Thursday, February 24, 2011

Learning and The Dangers of Expertise

This talk provides good food for thought. Do watch it if you're interested in KM, Collaboration or Learning. The speaker warns us about the dangers of blindly believing so-called experts and not questioning them enough and about societies having to feel more comfortable about managing dissent. 

Someone from the audience asks a very valid question - About the impact that this might have on how we teach children. Here's what methinks:

Maybe this points to a clear need for collective learning amongst children? Rather than a teacher standing up in front of the class and preaching? And of course, the need for education to accommodate questions from students, Montessori style.

And, finally, consider this post in juxtaposition with the previous C&H strip. See the joke? :-)


Sushil Kumar said...

I will surely bookmark this. Great blog

Stranger in a Strange Land said...

We have a world full of experts and nothing works very well. The intelligent would question this, but unfortunutely, too many in our world rely on the experts to do there thinking and thus we find ourselves in the mess that we are in. In my unexpert opinion an expert will tell you what you can or cannot do and by so doing block one's natural intelligence that lies outside the perimeters of expertise. And shame on all those who dare to defy the dull minded and dull witted PR mercenaries of our governments and corporations.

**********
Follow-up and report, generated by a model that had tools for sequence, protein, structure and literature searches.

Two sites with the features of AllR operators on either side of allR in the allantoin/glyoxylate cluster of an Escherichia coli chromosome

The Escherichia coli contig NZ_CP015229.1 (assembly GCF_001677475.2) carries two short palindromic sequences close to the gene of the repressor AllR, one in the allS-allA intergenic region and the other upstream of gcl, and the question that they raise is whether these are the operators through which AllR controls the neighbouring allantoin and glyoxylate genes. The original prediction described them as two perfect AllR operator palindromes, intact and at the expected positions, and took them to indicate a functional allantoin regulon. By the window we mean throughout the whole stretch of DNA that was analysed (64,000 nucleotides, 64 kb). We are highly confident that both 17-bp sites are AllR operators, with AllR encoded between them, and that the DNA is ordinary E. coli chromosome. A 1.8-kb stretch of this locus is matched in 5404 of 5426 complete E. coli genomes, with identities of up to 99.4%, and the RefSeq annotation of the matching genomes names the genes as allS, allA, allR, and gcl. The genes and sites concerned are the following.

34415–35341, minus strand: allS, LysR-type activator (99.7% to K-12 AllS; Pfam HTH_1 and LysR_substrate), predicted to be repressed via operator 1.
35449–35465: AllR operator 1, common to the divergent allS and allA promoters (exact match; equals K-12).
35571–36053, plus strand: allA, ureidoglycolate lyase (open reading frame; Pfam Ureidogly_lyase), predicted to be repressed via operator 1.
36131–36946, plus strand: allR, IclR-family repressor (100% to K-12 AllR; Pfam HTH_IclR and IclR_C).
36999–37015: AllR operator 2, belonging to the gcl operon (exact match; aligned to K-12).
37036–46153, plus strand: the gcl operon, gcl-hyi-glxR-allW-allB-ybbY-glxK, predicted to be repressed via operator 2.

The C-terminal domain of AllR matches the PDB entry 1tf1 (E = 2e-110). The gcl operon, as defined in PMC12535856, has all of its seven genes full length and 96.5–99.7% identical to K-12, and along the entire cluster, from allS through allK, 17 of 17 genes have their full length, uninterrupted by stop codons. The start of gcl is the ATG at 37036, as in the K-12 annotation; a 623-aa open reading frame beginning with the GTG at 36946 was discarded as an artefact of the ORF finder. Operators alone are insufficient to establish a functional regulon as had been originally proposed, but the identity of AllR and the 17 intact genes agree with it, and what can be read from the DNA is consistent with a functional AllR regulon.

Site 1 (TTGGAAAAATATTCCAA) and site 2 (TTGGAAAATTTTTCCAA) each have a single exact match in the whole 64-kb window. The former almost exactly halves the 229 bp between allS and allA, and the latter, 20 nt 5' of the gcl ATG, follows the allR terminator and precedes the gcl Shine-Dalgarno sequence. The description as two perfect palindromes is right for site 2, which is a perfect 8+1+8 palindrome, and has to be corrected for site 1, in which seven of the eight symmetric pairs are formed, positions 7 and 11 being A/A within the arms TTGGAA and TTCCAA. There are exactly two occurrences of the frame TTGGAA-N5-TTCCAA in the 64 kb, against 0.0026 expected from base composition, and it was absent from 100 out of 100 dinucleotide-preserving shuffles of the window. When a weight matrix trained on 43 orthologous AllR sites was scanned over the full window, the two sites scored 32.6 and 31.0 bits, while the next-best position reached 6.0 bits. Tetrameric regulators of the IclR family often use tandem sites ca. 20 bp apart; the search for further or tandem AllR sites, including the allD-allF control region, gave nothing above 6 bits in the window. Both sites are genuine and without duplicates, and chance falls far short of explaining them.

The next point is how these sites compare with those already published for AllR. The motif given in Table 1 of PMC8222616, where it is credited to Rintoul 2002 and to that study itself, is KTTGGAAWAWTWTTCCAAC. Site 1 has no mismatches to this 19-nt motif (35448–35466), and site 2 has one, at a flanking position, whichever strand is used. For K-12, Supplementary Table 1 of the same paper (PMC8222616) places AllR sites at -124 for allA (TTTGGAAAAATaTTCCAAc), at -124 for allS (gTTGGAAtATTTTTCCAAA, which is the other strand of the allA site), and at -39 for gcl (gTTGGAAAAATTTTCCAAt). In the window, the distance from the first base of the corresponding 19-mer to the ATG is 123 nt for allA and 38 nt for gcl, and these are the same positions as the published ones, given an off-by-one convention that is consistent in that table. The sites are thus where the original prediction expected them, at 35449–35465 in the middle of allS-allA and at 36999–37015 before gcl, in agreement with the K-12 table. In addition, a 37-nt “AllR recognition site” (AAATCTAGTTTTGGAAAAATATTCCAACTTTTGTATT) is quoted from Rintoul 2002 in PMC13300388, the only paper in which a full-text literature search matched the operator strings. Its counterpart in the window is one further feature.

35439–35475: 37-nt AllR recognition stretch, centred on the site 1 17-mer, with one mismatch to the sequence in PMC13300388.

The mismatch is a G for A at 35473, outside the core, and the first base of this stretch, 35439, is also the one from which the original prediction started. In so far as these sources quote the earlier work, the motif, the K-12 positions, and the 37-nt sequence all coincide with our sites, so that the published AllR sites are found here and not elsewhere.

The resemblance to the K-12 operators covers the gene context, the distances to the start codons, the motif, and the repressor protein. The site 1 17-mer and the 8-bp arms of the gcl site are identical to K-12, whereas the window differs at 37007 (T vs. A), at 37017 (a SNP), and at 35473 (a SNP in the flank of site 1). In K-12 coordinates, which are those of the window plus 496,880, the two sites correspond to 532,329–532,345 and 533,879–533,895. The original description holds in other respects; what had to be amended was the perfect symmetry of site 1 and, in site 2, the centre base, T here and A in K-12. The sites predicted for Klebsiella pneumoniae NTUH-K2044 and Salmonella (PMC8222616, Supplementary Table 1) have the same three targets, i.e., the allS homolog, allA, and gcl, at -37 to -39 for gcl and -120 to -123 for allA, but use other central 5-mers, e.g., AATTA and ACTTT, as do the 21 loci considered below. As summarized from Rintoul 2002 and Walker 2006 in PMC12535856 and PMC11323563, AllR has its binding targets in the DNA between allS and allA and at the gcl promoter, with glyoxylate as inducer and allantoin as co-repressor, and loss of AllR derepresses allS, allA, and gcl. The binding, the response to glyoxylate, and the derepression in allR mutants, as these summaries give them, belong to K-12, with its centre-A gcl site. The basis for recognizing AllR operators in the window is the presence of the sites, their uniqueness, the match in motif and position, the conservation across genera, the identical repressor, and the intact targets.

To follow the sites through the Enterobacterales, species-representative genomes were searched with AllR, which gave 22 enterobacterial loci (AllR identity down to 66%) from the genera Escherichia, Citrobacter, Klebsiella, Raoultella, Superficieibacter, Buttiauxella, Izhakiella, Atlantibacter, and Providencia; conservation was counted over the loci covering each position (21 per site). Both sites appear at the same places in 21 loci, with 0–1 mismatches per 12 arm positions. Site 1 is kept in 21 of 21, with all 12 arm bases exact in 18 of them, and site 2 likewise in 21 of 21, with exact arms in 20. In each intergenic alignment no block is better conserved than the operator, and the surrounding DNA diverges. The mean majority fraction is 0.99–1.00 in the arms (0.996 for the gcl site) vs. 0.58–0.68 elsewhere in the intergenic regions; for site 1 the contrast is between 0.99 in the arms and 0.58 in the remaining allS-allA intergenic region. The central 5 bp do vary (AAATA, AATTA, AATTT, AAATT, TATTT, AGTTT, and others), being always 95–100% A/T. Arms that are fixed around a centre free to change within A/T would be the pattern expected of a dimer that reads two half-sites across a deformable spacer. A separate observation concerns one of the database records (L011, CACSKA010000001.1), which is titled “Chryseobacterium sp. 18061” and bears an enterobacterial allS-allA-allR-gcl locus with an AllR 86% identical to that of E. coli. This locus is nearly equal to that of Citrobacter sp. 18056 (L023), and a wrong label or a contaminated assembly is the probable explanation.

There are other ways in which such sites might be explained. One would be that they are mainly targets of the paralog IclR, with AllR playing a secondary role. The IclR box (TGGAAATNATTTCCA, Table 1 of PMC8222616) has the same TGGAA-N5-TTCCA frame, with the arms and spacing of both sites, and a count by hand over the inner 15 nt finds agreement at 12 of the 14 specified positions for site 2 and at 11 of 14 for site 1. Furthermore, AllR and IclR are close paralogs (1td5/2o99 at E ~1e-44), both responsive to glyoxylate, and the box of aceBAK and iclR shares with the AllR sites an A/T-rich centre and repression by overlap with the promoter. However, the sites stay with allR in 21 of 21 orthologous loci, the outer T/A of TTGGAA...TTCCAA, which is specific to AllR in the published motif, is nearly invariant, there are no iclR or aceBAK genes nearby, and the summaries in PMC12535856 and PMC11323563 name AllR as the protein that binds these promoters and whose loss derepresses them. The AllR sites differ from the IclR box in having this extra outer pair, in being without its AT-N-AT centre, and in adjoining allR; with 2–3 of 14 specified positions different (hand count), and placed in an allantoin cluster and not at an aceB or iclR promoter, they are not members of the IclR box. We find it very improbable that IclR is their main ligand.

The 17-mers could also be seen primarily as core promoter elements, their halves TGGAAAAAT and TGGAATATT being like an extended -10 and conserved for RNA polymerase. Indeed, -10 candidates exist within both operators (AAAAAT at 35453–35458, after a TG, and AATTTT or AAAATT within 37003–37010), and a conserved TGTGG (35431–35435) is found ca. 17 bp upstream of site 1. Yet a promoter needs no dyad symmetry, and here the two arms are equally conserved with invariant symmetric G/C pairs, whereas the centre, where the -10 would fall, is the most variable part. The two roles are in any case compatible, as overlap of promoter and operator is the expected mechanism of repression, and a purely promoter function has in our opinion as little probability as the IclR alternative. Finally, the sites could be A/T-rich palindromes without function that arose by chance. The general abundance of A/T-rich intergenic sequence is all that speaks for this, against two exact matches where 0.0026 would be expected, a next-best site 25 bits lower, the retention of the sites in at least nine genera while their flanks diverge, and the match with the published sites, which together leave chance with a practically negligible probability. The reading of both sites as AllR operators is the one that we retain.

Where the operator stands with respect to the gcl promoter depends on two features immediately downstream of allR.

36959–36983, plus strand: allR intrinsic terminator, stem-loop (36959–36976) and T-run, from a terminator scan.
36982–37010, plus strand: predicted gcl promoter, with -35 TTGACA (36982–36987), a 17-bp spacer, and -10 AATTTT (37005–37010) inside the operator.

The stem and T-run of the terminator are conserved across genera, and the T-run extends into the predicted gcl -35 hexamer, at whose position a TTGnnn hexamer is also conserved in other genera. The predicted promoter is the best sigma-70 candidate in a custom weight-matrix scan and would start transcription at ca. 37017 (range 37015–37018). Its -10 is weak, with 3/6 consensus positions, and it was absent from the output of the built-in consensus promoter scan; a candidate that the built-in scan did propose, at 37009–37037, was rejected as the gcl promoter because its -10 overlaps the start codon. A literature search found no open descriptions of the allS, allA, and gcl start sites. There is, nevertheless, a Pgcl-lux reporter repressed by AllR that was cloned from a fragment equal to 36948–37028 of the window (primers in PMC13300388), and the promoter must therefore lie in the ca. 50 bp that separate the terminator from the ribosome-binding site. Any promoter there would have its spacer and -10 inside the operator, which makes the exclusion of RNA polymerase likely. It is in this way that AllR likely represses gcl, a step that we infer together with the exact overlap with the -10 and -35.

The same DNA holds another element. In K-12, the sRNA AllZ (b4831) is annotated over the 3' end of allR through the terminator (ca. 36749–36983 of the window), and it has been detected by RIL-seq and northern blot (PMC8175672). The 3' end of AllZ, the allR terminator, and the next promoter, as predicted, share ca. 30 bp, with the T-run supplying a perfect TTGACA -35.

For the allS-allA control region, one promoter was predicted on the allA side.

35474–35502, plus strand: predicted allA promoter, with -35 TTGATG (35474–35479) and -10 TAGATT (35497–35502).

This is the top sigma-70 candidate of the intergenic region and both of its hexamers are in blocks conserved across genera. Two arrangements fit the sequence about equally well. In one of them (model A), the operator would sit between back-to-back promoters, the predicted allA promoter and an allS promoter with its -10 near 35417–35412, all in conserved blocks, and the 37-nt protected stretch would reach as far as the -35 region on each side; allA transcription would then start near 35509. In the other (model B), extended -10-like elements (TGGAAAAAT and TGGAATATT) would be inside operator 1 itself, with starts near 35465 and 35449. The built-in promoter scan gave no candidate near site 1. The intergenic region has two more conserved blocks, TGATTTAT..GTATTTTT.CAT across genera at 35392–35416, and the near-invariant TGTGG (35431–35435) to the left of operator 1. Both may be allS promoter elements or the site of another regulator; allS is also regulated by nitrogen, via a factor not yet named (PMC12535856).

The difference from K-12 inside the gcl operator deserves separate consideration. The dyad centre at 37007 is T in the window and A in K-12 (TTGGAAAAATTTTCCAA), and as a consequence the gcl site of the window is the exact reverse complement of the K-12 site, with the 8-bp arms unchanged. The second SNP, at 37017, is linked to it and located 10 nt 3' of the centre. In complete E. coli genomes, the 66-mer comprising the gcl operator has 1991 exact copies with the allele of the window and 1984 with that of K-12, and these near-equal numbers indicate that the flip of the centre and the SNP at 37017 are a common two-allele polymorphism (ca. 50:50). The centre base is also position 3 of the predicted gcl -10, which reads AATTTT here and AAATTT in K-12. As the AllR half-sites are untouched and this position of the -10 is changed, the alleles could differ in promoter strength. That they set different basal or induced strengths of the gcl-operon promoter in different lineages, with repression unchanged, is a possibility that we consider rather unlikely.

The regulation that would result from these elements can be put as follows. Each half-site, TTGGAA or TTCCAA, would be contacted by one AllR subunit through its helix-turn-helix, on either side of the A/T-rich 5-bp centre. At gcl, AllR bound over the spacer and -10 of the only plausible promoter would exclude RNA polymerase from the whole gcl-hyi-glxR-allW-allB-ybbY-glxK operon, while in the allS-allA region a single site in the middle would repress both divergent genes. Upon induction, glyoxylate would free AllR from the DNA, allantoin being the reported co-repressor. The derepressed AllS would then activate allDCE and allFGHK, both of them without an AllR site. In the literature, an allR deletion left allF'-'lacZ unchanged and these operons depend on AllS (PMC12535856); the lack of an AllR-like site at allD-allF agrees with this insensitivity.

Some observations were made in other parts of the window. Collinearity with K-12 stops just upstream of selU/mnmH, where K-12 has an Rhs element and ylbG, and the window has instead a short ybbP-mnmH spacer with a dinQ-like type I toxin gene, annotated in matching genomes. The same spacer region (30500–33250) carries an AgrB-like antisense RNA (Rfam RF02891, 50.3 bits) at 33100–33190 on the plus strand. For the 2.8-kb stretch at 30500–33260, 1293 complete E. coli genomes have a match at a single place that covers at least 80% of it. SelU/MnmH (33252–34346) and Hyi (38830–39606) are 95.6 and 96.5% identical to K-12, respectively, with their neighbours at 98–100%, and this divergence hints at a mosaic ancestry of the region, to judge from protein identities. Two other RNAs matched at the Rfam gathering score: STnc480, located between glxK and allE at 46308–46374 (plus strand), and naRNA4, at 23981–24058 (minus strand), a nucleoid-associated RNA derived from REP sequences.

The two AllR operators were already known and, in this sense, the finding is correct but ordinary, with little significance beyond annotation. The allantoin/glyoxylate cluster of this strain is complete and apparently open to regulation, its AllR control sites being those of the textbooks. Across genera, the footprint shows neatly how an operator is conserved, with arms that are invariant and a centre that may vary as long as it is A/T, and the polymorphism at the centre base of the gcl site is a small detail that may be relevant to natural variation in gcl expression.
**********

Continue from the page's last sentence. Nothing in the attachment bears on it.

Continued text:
Take care,
Mike Hopkins
ps: I like your ponderings.

Nimmy said...

Wise words, Mike. :) Thanks so much for leaving a comment. I must admit that many of my introspective moments have shifted to channels like twitter and FB. I must rediscover the joy of writing longish posts on the blog and comments from people like you helps! :)

Just took a look at your blog and it looks like I am going to spend a lot of time reading your thoughts. :D

Stranger in a Strange Land said...

Hello Nimmy:

Thank you for your kind words and glad you liked my blog. You are always welcome to visit.

I see FB and Twitter as distractions that take one alway from our deeper introspections. It takes time to think and create out of all our past experinces and knowledge acquired and yet inspiration can come in an instant when we quiet our minds from all the distractions within and without. My best insights just pop into my head with any effort on my part. I just look at a question and the answer comes sometimes, but not always.

My kindest regards,

Nimmy said...

I must agree with you, though I sometimes relish the challenge that Twitter throws my way because it restricts one to 140 characters of wisdom! ;-)